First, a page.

Arsenic is a ubiquitous contaminant of natural systems with important potential for harming human health. Attaining public drinking-water standards and soil guidance concentrations has been problematic (ATSDR 2007; EPA 2010; NRC 2013; Carlin et al. 2016). Accurate risk assessments of arsenic exposure are important both to protect public health and to ensure that expenditures for water treatment and soil remediation are warranted. Arsenic risk assessments have been based partly on epidemiology studies conducted in multiple countries, including Taiwan, Chile, Argentina, and Bangladesh (EPA 2010; FDA 2016). Those studies are based on populations whose dietary intake can be increased by arsenic in water, rice, and foods cooked in arsenic-contaminated water. As EPA conducts a new arsenic risk assessment, the role of arsenic ingestion will continue to be a key scientific issue (EPA 2014b). Current risk assessments do not incorporate the emerging evidence, described in Chapter 3, that the gut microbiome affects the bioavailability and metabolism of arsenic in animal models and in human microbiome cultures (Diaz-Bone and Van de Wiele 2010; Van de Wiele et al. 2010). New research in mice shows that exposure to arsenic alters the microbiome, perhaps in ways that harm health (Lu et al. 2014). Furthermore, a recently published study found that mice exposed to arsenic at environmentally relevant dietary concentrations had alterations in the gut-microbiome composition and in a variety of important bacterial functional pathways (Chi et al. in press). Characterizing microbiomes in populations from different geographic locations and with different cultural practices (for example, food sources and preparation methods) might reveal different exposure profiles. Differences in the microbiomes of study populations might become as important in interpreting epidemiology study results as measuring arsenic intake in exposed populations.
Whether interactions between some environmental chemicals and the microbiome have adverse health consequences cannot be known without substantial new research. Accordingly, research is needed to address when the microbiome is a direct target of chemical toxicity and is perturbed by chemical exposures in ways that have measurable adverse health effects on the host, when the microbiome is not itself perturbed in harmful ways but modulates exposure to environmental chemicals, and how variability and variation of the human microbiome influence the consequences of microbiome–environmental-chemical interactions. Research to inform risk assessment could focus on the following elements:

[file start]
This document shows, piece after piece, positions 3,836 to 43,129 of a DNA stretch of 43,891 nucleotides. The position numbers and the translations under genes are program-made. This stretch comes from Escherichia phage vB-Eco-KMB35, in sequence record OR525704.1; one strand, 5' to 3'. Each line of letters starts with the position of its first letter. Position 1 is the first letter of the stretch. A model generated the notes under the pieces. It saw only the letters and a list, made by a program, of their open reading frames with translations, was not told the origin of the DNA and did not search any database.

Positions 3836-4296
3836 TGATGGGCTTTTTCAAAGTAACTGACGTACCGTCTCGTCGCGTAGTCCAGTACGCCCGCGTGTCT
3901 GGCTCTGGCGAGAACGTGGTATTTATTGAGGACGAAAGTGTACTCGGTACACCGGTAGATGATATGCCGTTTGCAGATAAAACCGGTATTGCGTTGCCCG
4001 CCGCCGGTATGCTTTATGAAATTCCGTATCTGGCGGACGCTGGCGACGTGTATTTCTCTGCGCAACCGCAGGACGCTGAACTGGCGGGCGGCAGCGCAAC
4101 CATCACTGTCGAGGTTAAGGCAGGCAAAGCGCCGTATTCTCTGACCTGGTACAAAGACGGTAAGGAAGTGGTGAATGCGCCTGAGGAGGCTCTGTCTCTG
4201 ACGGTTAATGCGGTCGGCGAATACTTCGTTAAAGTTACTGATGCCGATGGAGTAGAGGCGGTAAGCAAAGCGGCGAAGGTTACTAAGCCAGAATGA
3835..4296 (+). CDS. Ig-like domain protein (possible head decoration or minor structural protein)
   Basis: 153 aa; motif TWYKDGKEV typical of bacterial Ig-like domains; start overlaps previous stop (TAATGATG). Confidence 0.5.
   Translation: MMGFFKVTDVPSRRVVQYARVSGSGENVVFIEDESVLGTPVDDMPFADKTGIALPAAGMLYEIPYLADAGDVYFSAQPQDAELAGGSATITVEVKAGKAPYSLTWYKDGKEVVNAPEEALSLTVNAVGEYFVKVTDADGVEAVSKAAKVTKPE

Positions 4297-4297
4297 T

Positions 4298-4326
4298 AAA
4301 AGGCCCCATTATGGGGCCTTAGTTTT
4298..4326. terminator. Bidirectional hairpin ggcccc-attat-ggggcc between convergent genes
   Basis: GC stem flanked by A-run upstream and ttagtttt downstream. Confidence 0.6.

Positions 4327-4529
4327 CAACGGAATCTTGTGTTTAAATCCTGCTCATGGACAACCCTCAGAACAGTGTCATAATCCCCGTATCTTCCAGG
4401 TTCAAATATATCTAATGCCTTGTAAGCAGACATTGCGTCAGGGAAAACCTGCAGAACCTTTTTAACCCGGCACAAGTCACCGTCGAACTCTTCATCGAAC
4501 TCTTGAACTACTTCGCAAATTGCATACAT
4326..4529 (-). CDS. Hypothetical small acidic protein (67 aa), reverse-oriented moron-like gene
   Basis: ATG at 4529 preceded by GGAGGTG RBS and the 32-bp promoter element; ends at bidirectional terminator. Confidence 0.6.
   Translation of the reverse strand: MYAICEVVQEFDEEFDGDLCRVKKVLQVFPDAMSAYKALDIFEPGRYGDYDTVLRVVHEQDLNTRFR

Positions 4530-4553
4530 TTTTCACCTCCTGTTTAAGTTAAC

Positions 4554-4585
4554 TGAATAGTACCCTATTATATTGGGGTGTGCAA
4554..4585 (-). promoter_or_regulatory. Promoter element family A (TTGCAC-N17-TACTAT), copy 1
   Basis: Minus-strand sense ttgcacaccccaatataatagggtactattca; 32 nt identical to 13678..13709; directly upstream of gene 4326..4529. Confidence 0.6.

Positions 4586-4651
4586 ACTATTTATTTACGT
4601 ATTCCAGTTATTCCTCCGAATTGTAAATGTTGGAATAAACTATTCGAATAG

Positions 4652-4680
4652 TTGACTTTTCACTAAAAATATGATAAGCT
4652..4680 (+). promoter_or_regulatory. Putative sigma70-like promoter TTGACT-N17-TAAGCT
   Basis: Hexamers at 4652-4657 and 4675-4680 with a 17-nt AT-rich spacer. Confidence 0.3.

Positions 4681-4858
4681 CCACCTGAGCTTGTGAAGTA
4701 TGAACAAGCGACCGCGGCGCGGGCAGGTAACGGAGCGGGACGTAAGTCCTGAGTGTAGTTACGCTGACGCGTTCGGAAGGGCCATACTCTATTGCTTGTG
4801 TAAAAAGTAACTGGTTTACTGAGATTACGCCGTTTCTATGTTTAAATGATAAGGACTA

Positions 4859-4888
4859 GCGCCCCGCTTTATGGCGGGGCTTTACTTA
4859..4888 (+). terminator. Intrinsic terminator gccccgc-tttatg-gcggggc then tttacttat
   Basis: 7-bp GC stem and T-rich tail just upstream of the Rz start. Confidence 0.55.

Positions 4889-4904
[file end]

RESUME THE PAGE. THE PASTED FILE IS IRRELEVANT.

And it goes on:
- The extent to which harm to the microbiome is incorporated into or detectable in conventional animal testing.
- The extent to which microbiomes differ substantially among animal strains and species and between humans and animals.
- Characterization of the degree to which microbiomes can recover from insult or adapt to continuing insult.
- How different microbiomes of the body of most relevance to environmental exposures—gut, lungs, and skin—are affected and evaluated.
- Understanding exposure pathways and how physicochemical properties of environmental chemicals influence exposure and mediate uptake.
- How differences among humans in their microbiomes affect their susceptibility or resistance to environmental chemicals.
In addition to the elements listed above, new approaches might be needed to evaluate dose–response relationships that might be affected simultaneously from chemically induced changes in the microbiome, chemically induced toxicity to the host, and microbiome-induced effects on host health. Understanding and integrating the relative effects on the dose–response relationships will likely pose a key risk-assessment challenge. Chapter 6 describes the committee’s research strategy to begin to address the important topics noted.
It is not likely that definitive answers to the important risk-assessment issues will emerge unless a substantial research program is under way; even then, one can expect answers to emerge slowly. Thus, as in all current risk assessment efforts, default assumptions will continue to be used to address data gaps and other uncertainties. Moreover, it might not be possible to develop clear criteria for adverse effects on the microbiome itself, so other targets of toxicity (ranging from intracellular components to organ systems) will remain the subjects of risk assessment even if a chemical has an adverse effect on the human microbiome. Nonetheless, understanding that the microbiome might be adversely affected is important because such knowledge might provide new insights into health effects and human population sensitivities. Uncertainty factors that have traditionally been used in risk assessment should be able to accommodate new knowledge regarding interactions of environmental chemicals and the human microbiome.
As data on chemical–microbiome interactions emerge and are used in risk assessments, it is likely that some previous risk assessments will be considered outdated and will need to be re-evaluated. The merits of health-risk re-evaluation are well established and based on optimizing public-health benefits, either to provide greater protection from potential health effects or to reduce the expenditure of resources on unnecessary exposure-management actions. Identification of new findings and evaluation of the likelihood that they will alter assessments are activities that are already being pursued in federal and state risk-assessment programs. Indicators of the magnitude of changes in risk that would present opportunities to improve public-health protection have not been uniformly established.